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Letters to our boys

(Editor’s Note: This is another installment of The Express’ “Letter to Our Boys,” written during World War II to let “our boys” know what was happening back in their home towns. The Express will bring the letters to you occasionally, thanks to the efforts of Fred and Anna Snyder, who compiled the letters over several years of research and donated a full copy of them to the Clinton County Historical Society.)

Saturday, June 2, 1945

Dear….

Cpl. Jim Wise, who is serving in the Pacific with the Engineers Special Shop Battalion, writes that he sure could go for a mess of trout as well as some fishing for the speckled beauties and some hunting for deer.

His brother, Pat, is in the Navy in the Pacific, and another brother is in France.

Jim has been overseas 15 months. He is now in the Philippines, having served in New Guinea. He says:

“I sure am sorry to read about my buddies that are not making out so good. But there is one thing I can say and that is that they will never be forgotten for the good job they are doing. I know a lot of them that I read about and I know that their families all can be proud of them.”

Jim has been on the lookout for “Spike” Hennessey with whom he worked for four or five years at the Paper Mill. He has not seen any of his friends.

Jim sends addresses of himself and Pat but censorship does not permit reprinting them here. I have them for any of their friends who wish to write to them.

To the former students of TC and the follows of sports at the college, I say that I have heard from Sgt. George Barnes, one of the best boxers ever to don the Maroon trunks, and Lt. Paul Renne, a fine football player.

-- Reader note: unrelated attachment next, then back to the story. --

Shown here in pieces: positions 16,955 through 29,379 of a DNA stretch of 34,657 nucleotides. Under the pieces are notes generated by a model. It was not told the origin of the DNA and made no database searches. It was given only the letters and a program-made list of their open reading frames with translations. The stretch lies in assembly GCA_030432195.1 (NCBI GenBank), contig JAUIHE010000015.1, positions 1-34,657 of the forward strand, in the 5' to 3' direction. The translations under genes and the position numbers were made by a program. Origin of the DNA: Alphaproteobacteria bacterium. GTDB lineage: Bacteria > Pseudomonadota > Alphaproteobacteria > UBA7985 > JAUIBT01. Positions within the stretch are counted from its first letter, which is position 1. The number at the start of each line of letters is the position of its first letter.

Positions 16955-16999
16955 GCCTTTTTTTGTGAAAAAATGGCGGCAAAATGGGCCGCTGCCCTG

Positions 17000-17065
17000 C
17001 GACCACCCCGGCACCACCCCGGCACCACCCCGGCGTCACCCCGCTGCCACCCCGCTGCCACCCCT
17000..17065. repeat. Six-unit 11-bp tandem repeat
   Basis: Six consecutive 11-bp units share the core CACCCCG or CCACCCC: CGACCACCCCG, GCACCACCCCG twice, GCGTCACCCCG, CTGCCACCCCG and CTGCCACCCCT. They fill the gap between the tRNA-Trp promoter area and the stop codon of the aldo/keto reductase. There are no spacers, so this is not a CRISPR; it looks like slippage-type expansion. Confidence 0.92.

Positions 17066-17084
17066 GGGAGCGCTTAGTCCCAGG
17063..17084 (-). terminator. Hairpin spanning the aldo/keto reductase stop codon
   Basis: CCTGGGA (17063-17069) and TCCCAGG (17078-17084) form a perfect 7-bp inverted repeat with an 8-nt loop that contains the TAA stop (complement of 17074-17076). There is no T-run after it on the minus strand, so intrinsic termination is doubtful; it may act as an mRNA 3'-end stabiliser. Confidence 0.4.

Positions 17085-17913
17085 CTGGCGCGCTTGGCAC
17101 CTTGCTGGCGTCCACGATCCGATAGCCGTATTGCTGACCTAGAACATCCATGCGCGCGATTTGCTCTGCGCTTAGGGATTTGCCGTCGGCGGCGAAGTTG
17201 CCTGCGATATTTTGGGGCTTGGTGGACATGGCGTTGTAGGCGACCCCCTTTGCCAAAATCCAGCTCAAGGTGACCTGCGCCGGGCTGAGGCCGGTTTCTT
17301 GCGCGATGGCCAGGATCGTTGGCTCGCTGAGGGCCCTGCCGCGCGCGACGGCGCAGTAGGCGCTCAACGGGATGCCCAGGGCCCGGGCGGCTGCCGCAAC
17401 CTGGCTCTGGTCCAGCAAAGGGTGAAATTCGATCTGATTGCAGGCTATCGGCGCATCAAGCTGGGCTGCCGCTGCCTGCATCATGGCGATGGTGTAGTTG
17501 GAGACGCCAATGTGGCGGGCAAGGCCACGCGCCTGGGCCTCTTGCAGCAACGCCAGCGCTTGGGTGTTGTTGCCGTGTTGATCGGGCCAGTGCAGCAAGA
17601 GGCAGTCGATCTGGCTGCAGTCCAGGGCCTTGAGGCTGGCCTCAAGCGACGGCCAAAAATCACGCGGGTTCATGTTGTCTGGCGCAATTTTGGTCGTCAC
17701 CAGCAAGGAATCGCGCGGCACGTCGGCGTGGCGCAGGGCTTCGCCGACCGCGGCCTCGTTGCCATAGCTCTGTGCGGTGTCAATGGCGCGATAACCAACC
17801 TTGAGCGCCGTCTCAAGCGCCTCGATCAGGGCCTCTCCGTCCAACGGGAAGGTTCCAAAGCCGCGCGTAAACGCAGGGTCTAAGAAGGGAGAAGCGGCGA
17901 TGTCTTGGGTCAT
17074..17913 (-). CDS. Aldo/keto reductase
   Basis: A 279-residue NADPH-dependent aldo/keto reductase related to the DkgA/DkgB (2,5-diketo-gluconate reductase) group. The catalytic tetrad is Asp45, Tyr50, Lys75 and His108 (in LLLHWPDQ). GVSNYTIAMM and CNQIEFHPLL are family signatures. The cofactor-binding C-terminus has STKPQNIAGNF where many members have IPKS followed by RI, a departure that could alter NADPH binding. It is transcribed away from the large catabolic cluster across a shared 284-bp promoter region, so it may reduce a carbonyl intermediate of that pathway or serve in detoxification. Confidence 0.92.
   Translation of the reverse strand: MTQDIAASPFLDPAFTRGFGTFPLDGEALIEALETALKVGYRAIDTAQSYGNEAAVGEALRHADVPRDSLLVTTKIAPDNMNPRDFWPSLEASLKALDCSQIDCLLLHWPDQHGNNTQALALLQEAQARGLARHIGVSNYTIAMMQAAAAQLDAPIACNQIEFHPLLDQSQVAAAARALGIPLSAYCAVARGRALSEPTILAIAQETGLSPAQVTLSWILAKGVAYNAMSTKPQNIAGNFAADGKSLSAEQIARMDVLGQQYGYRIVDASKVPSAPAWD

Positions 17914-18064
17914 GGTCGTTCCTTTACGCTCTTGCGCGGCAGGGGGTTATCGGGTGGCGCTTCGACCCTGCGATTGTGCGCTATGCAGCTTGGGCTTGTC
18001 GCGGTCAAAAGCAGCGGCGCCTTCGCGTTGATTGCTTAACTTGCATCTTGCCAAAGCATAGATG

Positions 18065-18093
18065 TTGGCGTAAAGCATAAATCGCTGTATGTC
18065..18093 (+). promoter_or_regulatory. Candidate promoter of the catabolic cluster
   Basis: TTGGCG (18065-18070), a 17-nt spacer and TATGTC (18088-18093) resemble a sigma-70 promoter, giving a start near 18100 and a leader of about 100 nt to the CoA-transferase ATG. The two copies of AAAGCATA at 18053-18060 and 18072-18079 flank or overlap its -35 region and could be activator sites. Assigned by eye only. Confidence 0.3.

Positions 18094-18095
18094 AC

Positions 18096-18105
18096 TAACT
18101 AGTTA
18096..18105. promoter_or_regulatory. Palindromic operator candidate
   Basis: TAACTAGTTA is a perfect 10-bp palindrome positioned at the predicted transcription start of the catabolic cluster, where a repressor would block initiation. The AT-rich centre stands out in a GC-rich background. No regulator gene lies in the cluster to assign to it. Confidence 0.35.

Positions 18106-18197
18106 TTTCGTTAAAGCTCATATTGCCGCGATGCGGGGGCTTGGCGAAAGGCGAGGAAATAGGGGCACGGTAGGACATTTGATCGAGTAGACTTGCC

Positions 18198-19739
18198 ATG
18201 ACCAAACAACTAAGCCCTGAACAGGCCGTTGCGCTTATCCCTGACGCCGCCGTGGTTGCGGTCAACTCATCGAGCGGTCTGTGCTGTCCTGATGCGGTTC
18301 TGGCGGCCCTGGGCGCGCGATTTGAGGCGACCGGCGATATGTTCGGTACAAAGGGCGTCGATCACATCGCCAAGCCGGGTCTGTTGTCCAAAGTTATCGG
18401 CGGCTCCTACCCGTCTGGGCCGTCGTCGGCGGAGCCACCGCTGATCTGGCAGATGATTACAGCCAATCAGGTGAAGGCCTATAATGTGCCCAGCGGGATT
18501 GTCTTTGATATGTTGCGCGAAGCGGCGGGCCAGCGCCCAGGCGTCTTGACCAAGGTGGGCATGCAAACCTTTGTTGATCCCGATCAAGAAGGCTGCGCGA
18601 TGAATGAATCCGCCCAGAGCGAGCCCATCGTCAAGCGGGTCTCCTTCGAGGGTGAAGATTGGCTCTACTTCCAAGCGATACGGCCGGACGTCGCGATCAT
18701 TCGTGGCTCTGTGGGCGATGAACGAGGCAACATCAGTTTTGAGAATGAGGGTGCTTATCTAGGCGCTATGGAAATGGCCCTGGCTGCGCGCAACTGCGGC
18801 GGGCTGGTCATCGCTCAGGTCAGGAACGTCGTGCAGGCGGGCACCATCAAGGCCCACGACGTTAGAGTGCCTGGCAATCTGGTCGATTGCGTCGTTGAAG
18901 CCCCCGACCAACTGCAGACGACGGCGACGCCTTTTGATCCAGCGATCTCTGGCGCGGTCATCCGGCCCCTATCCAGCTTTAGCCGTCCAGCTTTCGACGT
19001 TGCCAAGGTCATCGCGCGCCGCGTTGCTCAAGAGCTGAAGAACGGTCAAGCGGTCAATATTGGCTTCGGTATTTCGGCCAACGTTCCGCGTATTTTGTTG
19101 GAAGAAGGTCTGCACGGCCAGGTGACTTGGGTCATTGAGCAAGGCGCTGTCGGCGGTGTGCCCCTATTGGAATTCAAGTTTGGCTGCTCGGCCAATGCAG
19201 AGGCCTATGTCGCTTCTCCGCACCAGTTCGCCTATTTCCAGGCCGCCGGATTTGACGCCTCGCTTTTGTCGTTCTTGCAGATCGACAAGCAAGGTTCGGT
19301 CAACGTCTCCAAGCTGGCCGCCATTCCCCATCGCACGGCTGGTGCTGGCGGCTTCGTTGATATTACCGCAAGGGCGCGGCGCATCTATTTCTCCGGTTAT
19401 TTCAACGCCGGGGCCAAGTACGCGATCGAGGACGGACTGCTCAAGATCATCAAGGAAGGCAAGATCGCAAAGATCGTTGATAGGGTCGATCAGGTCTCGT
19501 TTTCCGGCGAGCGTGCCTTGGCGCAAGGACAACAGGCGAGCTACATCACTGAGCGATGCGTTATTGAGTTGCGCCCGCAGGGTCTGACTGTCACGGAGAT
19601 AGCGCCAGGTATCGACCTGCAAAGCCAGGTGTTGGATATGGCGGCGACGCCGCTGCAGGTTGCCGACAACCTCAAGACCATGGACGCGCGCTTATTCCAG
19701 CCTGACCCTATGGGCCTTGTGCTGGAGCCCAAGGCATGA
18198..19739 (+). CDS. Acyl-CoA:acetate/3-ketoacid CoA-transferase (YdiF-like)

George not only won the Purple Heart but also got an Oak Leaf Cluster, indicating that he was wounded twice. He writes:

“I got winged through the left arm.” The bullet was from a sniper’s gun. George headed a platoon which was part of the reconnaissance unit spearheading the breakthrough to the Danube River directly toward Munich.

“We had just reached the bridge across the Danube,” says the former Williamsport boy, “when we got into a little resistance and while we were waiting for one of the companies of tanks to come up and clear it out completely, my platoon was attempting to save the bridge from being blown. It was shortly after that time that I believe a sniper shot me. The bullet went into my upper arm and smashed the grip of my German luger (pistol) that I had under my left arm pit. Had it not been for that, it would have passed through my chest.

“Was I lucky? It went through my jacket and cracked the fountain pen in my left pocket.”

“On top of that, while the medic was dressing my wound, a sniper was still trying to get us, so we had to crawl under a culvert for safety. That’s the kind of guys the Germans are.”

Renne must have seen plenty of action for he writes that he is back at a camp where he is doing some training “as we had a hell of a lot of replacements join us here.”

He is coach of the battalion boxers. Renne was left guard on the TC football team and a boxer in the 165-pound class.

He has another year of eligibility. Barnes has two years, having boxed at 135.

Renne is sold on the fistie game. Boxing is popular with his outfit and his commander is giving it a big hand. Renne says: “When this show is over, I would like to enroll the whole platoon at TC. What a ‘ball club’ you could make of it!”